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Protein Sci. 2004 May;13(5):1356-64. Epub 2004 Apr 9.

Structural stability and heat-induced conformational change of two complement inhibitors: C4b-binding protein and factor H.

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Lund University, The Wallenberg Laboratory, Department of Clinical Chemistry, University Hospital Malmö, S-205 02 Malmö, Sweden.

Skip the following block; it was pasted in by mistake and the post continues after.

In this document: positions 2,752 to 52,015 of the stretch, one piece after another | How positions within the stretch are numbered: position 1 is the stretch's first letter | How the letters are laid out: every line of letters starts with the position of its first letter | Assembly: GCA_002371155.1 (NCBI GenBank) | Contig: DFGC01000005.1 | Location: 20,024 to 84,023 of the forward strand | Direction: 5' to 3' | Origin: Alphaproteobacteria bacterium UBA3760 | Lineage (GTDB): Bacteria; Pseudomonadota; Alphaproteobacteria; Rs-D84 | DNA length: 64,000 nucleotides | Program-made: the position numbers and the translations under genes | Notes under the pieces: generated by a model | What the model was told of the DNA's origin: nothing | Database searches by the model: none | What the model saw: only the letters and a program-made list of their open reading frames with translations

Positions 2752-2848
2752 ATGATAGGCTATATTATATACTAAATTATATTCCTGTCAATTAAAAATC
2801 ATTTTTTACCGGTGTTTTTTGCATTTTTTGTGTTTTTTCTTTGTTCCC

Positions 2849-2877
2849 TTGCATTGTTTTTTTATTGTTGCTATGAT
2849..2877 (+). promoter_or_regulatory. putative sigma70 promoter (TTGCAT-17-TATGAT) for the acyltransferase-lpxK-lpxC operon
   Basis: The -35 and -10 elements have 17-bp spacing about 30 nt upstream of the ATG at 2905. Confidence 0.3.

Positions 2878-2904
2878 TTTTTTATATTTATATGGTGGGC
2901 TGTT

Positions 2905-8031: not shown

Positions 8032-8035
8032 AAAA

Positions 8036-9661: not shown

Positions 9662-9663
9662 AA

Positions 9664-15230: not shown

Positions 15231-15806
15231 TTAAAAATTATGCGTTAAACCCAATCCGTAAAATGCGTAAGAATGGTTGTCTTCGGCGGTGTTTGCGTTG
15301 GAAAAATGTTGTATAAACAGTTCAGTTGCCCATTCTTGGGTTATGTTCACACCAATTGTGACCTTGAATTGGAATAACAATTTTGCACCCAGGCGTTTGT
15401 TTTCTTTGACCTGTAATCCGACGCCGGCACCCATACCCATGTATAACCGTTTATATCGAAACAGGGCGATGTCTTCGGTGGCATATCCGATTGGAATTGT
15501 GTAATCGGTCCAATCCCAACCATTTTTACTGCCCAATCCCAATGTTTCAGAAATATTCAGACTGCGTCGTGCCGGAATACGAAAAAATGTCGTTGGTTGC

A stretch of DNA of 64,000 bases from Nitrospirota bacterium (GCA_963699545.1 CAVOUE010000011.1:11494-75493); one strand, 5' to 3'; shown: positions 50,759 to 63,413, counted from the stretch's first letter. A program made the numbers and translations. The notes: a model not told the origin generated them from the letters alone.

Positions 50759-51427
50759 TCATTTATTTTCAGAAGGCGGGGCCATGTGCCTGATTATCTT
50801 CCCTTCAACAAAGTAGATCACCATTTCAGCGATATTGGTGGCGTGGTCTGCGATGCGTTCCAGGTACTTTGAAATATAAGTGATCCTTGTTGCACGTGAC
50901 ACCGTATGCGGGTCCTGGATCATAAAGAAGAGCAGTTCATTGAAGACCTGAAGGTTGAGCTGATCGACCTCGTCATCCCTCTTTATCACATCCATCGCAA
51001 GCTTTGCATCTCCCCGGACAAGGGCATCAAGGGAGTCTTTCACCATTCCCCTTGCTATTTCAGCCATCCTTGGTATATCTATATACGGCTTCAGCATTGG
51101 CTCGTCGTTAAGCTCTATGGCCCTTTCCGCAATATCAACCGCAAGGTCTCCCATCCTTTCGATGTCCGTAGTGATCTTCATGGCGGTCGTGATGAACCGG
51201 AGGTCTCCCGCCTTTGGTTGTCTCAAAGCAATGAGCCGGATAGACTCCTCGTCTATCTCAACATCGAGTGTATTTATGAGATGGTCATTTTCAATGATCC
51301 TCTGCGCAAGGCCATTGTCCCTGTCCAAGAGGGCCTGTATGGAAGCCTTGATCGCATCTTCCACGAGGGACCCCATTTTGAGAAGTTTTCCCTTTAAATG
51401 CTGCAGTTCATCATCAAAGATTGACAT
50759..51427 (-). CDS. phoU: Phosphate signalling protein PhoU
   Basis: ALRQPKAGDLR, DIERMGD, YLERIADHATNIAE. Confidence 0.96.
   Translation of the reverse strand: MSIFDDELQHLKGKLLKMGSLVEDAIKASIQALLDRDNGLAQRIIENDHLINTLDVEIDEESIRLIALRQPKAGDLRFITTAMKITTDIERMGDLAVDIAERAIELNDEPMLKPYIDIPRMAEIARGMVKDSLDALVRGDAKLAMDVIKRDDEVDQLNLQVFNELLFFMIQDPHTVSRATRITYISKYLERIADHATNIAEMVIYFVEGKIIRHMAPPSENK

The complement inhibitors C4b-binding protein (C4BP) and factor H (FH) both consist of complement control protein (CCP) domains. Here we examined the secondary structure of both proteins by circular dichroism and Fourier-transform infrared technique at temperatures ranging from 30 degrees C-90 degrees C. We found that predominantly beta-sheet structure of both proteins was stable up to 70 degrees C, and that a reversible conformational change toward alpha-helix was apparent at temperatures ranging from 70 degrees C to 90 degrees C. The ability of both proteins to inhibit complement was not impaired after incubation at 95 degrees C, exposure to extreme pH conditions, and storage at room temperature for several months. Similar remarkable stability was previously observed for vaccinia virus control protein (VCP), which is also composed of CCP domains; it therefore seems to be a general property of CCP-containing proteins. A typical CCP domain has a hydrophobic core, which is wrapped in beta-sheets and stabilized by two disulphide bridges. How the CCP domains tolerate harsh conditions is unclear, but it could be due to a combination of high content of prolines, hydrophobic residues, and the presence of two disulphide bridges within each domain. These findings are of interest because CCP-containing complement inhibitors have been proposed as clinical agents to be used to control unwanted complement activation that contributes to many diseases.

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